ANTHONY BOUCHER – The Case of the Baker Street Irregulars. Simon & Schuster, hardcover, 1940. Reprinted as Blood on Baker Street. Mercury #179, digest-sized paperback, abridged, 1953. Also published by Collier AS147, paperback, 1962; Gregg Press, hardcover, 1980; Carroll & Graf, paperback, 1986 & 1995.

   In his early days as a mystery writer, renowned mystery critic Anthony Boucher was apparently much taken by the Ellery Queen school of detective puzzle writing, the more complicated the plot, the better. And as the title indicates, TCOT Baker Street Irregulars mixes in a quintuple dose of Sherlock Holmes as well.

   There is a locked room mystery, codes to be deciphered — or should that be ciphers to be uncoded? — a large cast of characters, all trying to solve the mystery and all with (at the same time) alibis to be tested and broken, with ingenious solutions proposed by all and sundry, none of which hold up to the light of day — all with the zest and wit of an author who in his own way was a genius of the first rank indeed.

   Dead is Stephen Worth, a hardboiled writer who hates Holmesian puzzles, but who has unaccountably been hired to write the screenplay for Metropolis Pictures’ latest project, that of filming their version of “The Adventure of the Speckled Band.” Protesting are all of the members of the Baker Street Irregulars around the country, five of whom are invited to come to Hollywood and be creative consultants on the project, mostly to keep them mollified and quiet.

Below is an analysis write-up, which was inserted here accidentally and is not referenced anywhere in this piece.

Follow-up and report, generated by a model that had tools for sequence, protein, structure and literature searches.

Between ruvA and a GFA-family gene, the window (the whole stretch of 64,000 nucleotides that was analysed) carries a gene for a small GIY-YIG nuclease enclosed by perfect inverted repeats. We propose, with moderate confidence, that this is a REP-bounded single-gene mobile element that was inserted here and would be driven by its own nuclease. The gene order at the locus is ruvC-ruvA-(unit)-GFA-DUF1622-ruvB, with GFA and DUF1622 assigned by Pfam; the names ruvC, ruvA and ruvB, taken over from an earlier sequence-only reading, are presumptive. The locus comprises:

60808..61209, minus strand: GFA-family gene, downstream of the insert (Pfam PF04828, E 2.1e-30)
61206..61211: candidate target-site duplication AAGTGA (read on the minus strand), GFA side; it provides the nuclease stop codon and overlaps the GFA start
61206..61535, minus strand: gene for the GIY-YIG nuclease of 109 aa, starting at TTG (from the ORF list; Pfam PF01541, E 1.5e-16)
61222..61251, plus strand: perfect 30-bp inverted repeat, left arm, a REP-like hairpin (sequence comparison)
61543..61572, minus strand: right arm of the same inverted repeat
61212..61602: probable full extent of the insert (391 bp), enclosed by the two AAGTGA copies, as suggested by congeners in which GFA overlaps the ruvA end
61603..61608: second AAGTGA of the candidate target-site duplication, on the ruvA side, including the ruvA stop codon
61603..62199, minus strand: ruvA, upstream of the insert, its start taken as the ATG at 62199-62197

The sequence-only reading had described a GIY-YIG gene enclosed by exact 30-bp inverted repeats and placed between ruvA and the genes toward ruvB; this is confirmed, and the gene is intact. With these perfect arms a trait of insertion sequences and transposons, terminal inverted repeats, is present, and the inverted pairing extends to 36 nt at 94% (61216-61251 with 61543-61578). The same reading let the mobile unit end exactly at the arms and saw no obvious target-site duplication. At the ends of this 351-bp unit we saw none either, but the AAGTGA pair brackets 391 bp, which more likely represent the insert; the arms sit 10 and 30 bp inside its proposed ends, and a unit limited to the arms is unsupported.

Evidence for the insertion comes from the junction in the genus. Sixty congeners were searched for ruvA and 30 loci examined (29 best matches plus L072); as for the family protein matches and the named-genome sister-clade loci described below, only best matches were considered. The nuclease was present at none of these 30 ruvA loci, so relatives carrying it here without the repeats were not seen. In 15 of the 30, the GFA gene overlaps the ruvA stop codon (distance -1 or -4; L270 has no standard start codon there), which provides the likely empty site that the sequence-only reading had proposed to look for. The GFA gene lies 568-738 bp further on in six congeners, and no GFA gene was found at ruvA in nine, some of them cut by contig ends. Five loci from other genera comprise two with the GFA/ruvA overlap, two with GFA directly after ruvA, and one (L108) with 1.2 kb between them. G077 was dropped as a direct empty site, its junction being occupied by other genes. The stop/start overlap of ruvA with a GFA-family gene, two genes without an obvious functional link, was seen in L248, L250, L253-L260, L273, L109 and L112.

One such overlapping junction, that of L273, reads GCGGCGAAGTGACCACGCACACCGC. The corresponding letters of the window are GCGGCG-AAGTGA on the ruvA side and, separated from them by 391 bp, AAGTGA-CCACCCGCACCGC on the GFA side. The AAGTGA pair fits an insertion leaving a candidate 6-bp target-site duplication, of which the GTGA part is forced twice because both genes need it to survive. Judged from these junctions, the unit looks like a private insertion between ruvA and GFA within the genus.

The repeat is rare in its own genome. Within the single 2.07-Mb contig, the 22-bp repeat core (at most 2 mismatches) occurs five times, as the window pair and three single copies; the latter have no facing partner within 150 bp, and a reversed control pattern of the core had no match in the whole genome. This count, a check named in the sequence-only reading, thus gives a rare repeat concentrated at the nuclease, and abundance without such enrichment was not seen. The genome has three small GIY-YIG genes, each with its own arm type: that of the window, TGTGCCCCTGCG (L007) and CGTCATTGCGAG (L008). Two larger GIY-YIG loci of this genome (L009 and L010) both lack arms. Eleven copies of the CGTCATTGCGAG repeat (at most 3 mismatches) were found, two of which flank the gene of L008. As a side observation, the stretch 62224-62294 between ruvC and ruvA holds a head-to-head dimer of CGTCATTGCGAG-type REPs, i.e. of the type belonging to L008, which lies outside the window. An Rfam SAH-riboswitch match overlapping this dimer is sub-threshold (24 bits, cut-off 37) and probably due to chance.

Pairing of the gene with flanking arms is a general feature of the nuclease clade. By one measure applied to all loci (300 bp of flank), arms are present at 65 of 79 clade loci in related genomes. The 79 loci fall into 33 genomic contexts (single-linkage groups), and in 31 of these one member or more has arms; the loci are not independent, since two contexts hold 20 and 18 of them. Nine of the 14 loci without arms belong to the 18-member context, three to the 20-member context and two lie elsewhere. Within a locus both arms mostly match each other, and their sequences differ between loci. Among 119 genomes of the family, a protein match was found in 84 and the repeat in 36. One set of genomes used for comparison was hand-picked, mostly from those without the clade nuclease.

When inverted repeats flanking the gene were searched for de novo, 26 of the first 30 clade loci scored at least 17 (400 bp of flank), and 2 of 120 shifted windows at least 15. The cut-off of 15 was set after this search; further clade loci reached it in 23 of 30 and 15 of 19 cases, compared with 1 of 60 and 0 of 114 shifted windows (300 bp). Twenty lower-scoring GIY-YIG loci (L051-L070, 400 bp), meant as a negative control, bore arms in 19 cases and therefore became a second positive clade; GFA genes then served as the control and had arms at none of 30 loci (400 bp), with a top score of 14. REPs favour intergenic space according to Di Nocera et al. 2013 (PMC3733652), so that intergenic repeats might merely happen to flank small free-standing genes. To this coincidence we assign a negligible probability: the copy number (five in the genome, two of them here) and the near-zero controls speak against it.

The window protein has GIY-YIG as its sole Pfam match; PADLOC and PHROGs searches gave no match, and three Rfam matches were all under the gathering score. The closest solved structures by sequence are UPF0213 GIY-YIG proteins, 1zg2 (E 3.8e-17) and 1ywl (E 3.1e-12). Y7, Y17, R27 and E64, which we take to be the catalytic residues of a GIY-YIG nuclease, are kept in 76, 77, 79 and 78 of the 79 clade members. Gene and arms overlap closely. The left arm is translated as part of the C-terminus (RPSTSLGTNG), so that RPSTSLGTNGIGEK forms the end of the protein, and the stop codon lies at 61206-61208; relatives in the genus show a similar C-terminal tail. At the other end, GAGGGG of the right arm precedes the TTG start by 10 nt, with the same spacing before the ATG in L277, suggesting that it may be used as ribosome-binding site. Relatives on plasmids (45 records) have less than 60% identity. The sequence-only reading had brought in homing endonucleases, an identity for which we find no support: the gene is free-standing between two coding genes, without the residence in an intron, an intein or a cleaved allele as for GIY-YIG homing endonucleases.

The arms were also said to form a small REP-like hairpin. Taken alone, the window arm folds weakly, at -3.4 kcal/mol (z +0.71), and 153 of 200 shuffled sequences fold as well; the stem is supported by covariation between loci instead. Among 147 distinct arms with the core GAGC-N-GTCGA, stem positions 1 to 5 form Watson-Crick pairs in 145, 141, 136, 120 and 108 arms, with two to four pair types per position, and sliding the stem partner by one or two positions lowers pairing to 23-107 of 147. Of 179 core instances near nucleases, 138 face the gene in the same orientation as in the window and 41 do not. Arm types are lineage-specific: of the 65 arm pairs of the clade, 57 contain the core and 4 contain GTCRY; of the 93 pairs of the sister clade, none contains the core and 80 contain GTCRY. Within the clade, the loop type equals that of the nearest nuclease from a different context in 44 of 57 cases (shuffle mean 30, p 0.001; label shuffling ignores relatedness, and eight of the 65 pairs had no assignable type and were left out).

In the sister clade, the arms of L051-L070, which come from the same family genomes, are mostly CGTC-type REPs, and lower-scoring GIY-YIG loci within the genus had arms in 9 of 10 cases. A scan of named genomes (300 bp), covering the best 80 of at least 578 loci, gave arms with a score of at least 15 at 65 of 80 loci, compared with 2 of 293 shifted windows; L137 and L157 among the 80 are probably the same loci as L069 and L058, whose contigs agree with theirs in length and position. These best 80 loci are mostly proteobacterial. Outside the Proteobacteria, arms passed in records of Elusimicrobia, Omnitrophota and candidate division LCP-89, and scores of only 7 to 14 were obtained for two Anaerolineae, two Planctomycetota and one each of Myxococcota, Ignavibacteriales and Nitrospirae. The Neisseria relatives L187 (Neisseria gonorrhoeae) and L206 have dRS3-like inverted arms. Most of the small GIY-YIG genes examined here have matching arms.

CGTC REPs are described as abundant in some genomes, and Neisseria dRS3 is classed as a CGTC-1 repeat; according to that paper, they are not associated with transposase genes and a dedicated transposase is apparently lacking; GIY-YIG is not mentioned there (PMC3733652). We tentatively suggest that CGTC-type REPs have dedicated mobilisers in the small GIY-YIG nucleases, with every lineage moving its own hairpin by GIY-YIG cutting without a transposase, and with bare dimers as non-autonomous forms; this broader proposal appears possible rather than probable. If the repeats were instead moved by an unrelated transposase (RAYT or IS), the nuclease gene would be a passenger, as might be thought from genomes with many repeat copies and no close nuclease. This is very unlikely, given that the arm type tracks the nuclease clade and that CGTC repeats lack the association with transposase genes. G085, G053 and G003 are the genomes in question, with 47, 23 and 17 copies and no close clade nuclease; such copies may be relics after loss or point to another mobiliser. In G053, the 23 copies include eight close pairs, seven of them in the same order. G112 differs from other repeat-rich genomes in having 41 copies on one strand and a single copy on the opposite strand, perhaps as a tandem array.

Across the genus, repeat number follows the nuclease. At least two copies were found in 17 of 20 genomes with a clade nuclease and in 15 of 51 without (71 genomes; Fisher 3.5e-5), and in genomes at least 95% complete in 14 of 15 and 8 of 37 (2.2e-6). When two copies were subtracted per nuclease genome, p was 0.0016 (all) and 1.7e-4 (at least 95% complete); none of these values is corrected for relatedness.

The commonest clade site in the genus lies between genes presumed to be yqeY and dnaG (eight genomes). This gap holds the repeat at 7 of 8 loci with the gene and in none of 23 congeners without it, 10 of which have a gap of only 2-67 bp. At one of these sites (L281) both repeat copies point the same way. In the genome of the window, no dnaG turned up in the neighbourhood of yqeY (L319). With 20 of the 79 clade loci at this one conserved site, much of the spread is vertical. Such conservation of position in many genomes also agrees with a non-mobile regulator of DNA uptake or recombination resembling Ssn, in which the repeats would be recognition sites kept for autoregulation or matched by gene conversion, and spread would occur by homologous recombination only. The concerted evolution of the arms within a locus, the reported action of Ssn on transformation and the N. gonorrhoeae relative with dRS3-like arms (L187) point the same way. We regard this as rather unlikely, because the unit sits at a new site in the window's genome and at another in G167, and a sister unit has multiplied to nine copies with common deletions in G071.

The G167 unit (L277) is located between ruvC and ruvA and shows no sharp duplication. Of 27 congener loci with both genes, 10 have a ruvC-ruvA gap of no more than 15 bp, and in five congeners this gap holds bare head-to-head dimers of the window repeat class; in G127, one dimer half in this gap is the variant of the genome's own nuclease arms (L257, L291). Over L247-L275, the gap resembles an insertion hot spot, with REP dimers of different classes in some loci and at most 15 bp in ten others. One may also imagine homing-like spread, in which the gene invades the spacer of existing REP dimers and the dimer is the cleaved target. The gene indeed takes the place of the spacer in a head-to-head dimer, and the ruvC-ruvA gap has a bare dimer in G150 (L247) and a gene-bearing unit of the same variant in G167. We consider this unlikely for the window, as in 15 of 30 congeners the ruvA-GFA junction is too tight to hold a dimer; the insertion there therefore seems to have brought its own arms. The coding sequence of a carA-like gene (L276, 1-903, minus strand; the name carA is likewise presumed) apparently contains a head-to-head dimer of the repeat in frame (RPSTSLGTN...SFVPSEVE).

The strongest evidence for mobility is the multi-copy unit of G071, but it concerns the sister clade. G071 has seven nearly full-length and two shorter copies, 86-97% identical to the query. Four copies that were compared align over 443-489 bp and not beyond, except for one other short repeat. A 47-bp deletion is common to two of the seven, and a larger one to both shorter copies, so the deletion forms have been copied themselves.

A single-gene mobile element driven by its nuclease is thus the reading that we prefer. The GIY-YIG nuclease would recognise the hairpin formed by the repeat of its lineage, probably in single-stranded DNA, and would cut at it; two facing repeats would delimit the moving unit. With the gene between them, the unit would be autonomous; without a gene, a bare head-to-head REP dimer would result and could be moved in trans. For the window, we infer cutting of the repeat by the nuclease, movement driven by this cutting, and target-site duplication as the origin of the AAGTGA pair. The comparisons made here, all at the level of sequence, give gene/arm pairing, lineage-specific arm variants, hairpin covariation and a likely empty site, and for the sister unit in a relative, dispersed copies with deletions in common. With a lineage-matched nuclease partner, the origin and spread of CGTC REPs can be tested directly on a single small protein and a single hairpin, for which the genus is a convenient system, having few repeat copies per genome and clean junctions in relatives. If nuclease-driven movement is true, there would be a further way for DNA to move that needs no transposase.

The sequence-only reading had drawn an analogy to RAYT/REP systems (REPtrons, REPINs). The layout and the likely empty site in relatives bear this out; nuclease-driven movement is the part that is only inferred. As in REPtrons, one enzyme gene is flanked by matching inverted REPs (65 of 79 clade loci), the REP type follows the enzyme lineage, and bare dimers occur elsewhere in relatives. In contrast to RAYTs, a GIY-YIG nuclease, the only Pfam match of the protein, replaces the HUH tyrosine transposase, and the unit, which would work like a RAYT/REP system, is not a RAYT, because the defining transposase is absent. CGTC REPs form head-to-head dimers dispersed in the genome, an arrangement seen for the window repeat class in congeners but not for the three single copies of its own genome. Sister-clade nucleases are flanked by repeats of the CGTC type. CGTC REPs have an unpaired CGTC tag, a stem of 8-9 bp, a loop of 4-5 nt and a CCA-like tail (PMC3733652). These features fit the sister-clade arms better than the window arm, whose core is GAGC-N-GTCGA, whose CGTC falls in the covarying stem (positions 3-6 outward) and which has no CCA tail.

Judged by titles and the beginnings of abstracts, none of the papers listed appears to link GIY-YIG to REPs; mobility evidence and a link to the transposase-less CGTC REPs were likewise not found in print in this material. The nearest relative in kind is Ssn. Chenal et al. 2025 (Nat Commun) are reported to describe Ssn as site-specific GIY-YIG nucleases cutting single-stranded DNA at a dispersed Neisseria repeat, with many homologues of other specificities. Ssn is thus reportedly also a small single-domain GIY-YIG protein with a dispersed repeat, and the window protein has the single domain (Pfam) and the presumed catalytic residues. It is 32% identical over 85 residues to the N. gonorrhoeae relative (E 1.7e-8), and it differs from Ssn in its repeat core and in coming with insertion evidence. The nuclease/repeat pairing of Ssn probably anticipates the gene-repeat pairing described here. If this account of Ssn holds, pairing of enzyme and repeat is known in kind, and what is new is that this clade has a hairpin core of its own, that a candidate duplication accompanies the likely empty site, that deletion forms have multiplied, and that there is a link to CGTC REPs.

Boucher’s most frequently used series character, Hollywood PI Fergus O’Breen is not on hand, but his sister Maureen is. She’s the trusted assistant to the head of Metropolis Pictures, and it becomes her job to keep an eye on the Irregulars (it was her idea, after all), all housed in one building. Who’s the housekeeper? None other than a young lady named Mrs. Hudson. Who’s the policeman who given the task of watching over the house after the murder occurs? None other than Sergeant Watson.

   It is hard to keep the level of wackiness exhibited by the first third of the book going indefinitely, and the middle third sags noticeably, while the ending seems entirely too jerry-rigged to hold up against a bout of serious questioning. So I didn’t and I won’t. I just sat back and enjoyed it immensely. Not a book for modern readers, to be sure, but if your tastes are anything like mine, you’ll have a good time with this one too.